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Meltdown at Fukushima

Written By: - Date published: 8:39 am, March 31st, 2011 - 35 comments
Categories: disaster - Tags: ,

Efforts to cool the nuclear fuel rods in Fukushima’s No 2 reactor have failed. The rods have become molten and it appears some have melted through the steel reactor core into a concrete layer. Two dangers now arise: radioactive chemicals created by the concrete reacting with the nuclear fuel and the nuclear fuel pooling enough to go critical.

This is what ended up happening to the nuclear fuel in Chernobyl’s No 4 reactor. Lava-like ‘corium‘, which is just a fancy name for ‘substance made from the molten core of a nuclear reactor’, melted through the steel liner and solidified in what was called the ‘elephants foot’ on the concrete basement floor*. The fuel melted through several metres of concrete, creating hydrogen gas and other volatile substances.

Ironically, the water they’re desperately trying to get into the reactors at Fukushima to carry away the heat actually helps to sustain nuclear reactions by slowing down (moderating) the neutrons emitted when an atom decays making them more likely to collide with other unstable atoms. Without the water and with all the reactions with concrete the melting ends. The corium gradually solidifies into what becomes a flaky and still highly radioactive material.

We’re still told that there won’t be a major radiation release from Fukushima as there was from Chernobyl. During that disaster, a graphite fire and multiple explosions after the core was breached sent corium and other irradiated materials high into the atmosphere to be distributed over a wide area. There’s not meant to be any more explosions at Fukushima. They say they are confident they can cool the corium as it comes out.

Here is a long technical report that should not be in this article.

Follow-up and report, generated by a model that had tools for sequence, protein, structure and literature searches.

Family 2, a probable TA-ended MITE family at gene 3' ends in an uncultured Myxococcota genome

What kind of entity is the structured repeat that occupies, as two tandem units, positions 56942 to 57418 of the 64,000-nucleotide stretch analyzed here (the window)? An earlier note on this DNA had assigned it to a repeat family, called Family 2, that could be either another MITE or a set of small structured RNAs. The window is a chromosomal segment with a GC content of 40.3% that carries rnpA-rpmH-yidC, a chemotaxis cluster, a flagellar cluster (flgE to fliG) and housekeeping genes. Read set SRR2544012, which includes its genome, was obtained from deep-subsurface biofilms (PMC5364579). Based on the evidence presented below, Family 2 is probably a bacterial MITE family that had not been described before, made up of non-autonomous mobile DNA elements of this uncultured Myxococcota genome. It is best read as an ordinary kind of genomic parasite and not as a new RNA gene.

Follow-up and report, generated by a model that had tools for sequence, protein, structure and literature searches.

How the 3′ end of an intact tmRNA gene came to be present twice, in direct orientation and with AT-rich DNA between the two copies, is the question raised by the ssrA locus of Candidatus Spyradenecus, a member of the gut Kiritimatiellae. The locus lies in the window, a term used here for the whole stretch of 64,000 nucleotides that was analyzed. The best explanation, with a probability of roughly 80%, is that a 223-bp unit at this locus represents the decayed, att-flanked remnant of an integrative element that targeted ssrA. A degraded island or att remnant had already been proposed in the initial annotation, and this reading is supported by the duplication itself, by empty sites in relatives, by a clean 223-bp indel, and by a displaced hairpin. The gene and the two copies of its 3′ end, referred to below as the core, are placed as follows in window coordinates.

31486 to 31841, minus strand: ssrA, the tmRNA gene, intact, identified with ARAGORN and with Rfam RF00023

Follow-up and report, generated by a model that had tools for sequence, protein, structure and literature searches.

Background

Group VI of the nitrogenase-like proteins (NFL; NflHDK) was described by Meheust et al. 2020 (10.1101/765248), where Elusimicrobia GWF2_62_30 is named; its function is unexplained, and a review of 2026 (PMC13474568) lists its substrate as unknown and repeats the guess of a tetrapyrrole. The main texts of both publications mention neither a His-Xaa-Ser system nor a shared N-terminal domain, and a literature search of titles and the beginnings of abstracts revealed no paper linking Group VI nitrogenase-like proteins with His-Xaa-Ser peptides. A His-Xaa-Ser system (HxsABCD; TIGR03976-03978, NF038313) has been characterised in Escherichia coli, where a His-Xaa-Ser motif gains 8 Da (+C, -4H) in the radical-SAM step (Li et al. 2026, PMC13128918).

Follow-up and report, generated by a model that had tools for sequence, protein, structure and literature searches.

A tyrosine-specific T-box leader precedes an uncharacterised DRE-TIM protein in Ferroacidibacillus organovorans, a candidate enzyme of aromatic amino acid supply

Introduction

But a hell of a lot of stuff that wasn’t meant to happen has happened. If the corium is reacting with the concrete creating large amounts of hydrogen and carbon monoxide, then explosions are a real possibility. If the corium comes out all as one glob it could go critical, recreating the self-sustaining chain reaction that powers a nuclear reactor when it’s in action. That’s a hell of a lot more energy then is currently being emitted by the background decay of the fuel rods, which has been enough to cause all these problems. The one bright side is there’s no way it can go supercritical and explode like a nuclear bomb.

It’s not just No 2 reactor. Plutonium has been detected around reactor No 3. This reactor uses MOX fuel, containing plutonium, which is really dangerous stuff. The fact that plutonium seems to be leaking from the reactor suggests a breach in its core too.

With radiation levels rising, it is becoming both evermore vital and evermore difficult for workers to get close to the reactors to try to solve the problems.

I hope they’re drawing up plans for a sarcophagus, and not one like Chernobyl’s that started leaking after a few years.

35 comments on “Meltdown at Fukushima ”

  1. Colonial Viper 1


    Damn none of that sounds good.

    There is an economic fear as well – that if this whole scenario drags on for months, which it might, business interests will start to bypass Japan altogether. Find alternative suppliers, find alternative ports, offshore operations etc.

  2. Morrissey 3

    But just over a week ago I saw Air New Zealand boss Rob Fyfe on television, and he was adamant: the fuss over so-called nuclear leaks was a beat-up, and there was nothing to worry about. He advised us to do as he did, which was to accept the word of the Japanese government’s PR people, and not to trust the word of so-called “experts”.

    Here’s a picture of the great man, characteristically deep in thought…

    • Lanthanide 3.1

      He was, and remains, correct.

      There is no danger to aircraft flying to Tokyo, and funnily enough the pilots are actually smart enough to fly around the contaminated area as well.